Biological macromolecules fold already during their biosynthesis either into stable three-dimensional (3D) structures or into multiple interconverting states to populate an ensemble of so-called intrinsically disordered states. Computational structural biology has the purpose to develop models that leverage the knowledge of the 3D structure of macromolecules to investigate the sequence-structure-function paradigm and shed light into the atomic-level mechanism of function.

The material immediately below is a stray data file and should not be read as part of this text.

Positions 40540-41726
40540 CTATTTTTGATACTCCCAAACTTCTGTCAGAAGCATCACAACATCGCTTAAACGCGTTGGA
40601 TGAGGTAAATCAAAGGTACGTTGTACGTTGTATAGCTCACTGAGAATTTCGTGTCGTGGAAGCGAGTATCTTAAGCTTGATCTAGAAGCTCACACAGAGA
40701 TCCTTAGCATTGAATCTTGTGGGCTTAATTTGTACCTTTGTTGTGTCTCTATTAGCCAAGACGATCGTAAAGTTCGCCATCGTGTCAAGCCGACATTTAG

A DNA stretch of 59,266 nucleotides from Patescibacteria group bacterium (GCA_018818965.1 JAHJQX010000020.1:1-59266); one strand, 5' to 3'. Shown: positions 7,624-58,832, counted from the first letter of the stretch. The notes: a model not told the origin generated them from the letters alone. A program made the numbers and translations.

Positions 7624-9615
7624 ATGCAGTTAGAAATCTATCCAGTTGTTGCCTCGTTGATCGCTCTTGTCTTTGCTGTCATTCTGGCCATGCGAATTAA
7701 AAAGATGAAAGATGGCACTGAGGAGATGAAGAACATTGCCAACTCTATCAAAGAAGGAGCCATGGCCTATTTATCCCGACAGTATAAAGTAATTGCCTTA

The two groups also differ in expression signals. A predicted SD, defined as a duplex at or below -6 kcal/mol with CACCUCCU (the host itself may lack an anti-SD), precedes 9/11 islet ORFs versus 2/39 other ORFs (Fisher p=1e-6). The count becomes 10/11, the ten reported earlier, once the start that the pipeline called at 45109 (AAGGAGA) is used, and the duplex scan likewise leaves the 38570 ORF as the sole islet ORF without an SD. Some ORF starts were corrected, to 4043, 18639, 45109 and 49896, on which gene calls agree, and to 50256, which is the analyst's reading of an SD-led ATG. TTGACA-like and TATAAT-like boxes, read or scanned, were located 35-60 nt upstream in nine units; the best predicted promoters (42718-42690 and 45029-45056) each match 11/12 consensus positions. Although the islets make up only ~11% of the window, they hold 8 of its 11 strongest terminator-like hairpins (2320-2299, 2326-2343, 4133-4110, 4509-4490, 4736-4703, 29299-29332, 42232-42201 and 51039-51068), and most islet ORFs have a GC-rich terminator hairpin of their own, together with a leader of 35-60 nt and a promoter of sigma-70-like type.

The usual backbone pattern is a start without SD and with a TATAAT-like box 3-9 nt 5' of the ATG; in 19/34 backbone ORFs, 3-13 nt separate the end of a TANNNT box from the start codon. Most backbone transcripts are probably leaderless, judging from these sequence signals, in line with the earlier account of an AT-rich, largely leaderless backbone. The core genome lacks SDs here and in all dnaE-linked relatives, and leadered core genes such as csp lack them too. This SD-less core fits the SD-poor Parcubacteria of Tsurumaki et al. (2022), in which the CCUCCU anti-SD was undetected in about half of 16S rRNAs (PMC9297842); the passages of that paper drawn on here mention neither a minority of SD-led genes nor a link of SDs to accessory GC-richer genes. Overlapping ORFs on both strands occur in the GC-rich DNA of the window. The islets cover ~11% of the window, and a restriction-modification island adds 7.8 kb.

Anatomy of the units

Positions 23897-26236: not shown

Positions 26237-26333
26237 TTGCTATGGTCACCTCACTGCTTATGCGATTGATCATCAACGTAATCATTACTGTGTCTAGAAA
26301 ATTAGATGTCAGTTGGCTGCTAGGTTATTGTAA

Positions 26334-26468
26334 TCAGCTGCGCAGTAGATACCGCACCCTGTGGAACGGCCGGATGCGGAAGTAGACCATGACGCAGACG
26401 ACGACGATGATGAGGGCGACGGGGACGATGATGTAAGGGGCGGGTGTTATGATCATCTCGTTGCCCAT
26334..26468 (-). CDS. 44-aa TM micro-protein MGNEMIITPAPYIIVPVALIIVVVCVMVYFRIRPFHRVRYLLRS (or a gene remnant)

CompBiol Fig2aComputational structural biology is a broad discipline that encompasses many different application types. Over the years the focus of CERM researchers has been on metalloproteins, by a combination of the following methods: sequence-based prediction of 3D structure, mainly to investigate the variability of metalloprotein structure throughout evolution as well as the impact of mutations on the reactivity of metal-binding sites; modeling of protein-protein interactions, in order to understand how the individual components of macromolecular adducts recognize each other, what is the role of metal ions in such recognition processes and experimental NMR data can be best exploited to improve the modeling of adducts; archiving and classifying metal-binding sites, based on their specific structural features and regardless of the overall macromolecular fold with the aim of uncovering structural relationships that become apparent only at the local level; prediction and comparative analysis of metalloproteomes at the whole organism level, in order to characterize the influence of an organism’s lifestyle on its usage of metal ions.